How you drive reveals a lot about your personality

12 August 2016 - By Eugene Herbert

If self-driving cars become
commonplace there will be at least one unintended consequence: it will
eliminate a good way to assess the true character of a co-worker,
colleague or customer.

Just as anonymity on the Web allows petty cowards to express their
hidden ugliness, the anonymity of being behind the
wheel
brings out the worst in some people.

With that in mind, here are some observations (not rules cast in stone)
on how driving habits reveal character and personality
:

- 
   
Rolling Stops. People who don't come to a full stop at a stop sign can't be trusted to
handle details. They literally and figuratively cut corners, both on the street
and in the workplace.

- 
   
Tailgating. People who tailgate (i.e. leave less than one car length) are
unimaginative. They assume that nothing can go wrong and are caught by surprise
when the unexpected happens.

- 
   
Road Hogging. A road hog insists on going either below or at the speed limit rather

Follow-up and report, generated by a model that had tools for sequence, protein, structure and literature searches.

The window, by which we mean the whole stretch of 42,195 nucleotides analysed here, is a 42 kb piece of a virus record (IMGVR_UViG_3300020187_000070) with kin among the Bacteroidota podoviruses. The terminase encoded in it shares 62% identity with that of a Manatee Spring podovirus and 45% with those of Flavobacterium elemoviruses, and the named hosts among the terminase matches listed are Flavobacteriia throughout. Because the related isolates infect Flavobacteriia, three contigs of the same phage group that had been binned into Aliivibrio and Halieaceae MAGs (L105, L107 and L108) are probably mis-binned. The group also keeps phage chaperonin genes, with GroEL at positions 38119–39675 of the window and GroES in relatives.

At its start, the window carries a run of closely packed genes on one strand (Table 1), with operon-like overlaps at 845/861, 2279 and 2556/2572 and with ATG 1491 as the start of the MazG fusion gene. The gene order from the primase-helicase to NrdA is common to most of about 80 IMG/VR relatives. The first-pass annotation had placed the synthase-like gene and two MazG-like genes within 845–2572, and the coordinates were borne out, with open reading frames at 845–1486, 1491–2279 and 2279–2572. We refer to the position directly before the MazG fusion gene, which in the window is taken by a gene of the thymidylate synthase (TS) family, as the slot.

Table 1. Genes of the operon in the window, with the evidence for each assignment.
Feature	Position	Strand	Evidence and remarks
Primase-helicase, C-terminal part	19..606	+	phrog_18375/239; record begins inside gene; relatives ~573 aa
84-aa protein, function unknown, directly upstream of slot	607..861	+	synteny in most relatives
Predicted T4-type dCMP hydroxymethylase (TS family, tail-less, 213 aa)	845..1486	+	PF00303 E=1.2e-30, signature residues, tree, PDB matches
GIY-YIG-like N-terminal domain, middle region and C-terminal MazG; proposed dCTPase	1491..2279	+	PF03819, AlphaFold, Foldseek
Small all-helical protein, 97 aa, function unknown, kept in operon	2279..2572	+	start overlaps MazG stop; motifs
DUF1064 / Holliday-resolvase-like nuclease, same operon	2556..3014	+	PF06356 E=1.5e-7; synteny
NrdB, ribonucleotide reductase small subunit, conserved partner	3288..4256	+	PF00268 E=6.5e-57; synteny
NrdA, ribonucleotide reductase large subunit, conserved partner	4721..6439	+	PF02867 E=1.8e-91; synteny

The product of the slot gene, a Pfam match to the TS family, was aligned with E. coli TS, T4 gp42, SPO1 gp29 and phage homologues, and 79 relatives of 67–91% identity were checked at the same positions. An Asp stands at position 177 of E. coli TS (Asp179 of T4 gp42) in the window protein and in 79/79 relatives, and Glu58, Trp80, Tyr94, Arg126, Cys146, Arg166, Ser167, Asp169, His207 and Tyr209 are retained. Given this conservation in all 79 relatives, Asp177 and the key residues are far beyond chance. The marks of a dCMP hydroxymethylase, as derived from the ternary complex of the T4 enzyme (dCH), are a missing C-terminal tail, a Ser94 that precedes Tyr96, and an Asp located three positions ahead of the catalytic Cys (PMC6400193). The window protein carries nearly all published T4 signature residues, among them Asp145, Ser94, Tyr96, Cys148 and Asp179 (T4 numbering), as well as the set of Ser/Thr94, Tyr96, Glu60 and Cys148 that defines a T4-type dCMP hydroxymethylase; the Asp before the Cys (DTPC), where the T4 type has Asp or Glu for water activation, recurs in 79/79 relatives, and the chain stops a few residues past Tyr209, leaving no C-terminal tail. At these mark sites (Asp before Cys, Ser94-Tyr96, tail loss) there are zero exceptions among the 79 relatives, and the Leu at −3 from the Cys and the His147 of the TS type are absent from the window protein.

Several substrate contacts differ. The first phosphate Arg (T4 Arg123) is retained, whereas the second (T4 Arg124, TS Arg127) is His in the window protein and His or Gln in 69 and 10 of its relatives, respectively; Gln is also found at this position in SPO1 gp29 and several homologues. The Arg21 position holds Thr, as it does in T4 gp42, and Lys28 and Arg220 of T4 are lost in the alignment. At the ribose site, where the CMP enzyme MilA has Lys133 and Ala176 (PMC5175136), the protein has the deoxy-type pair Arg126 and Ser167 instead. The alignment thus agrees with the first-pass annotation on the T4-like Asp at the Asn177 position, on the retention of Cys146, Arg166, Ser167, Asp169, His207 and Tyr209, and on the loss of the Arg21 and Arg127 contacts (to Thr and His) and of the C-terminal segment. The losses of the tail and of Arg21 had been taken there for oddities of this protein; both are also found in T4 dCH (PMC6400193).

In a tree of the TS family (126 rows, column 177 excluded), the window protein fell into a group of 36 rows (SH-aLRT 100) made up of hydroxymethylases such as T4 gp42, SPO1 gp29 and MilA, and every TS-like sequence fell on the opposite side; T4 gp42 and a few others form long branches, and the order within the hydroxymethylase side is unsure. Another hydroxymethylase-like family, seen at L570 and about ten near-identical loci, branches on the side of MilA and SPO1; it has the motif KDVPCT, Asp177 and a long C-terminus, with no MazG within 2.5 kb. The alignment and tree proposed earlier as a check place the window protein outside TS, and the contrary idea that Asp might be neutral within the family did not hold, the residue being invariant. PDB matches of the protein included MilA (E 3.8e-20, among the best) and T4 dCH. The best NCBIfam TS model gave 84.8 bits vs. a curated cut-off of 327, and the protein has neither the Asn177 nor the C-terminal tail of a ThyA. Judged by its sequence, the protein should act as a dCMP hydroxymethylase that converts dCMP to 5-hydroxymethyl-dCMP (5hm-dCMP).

than pulling over and letting a line of cars pass them.  This is classic
passive-aggression; road hogs will bog down any and all initiatives at work.

- 
   
Finger Salutes. People who feel it necessary to express profanity at other drivers
(especially while driving away) are usually frustrated and a bit cowardly. At
work, they can be counted on to backbite and gossip.

- 
   
Over-honking. These are people who honk longer than necessary, like a full
second (rather than a polite tap) at a driver who hasn't noticed the light has
changed. Over-honkers tend to be both overly-critical and overly-sensitive to
being criticized.

- 
   
Texting. Driving while texting is more dangerous than driving while drunk.
Anybody who texts or emails while driving is a dangerous fool and cannot be
trusted with any responsibility whatsoever, at work or anywhere else.

- 
   
Speeding. Habitual speeders don’t really care about other people and they don't
think the rules apply to them.  At work, they are the jerks that make
everyone else miserable.

If nothing else the above should encourage lively debate and if
circumstances permit the opportunity to point out the need for some changes in
habits.

Till next time, remember - We all send out messages, some good some not
so good.


Eugene Herbert



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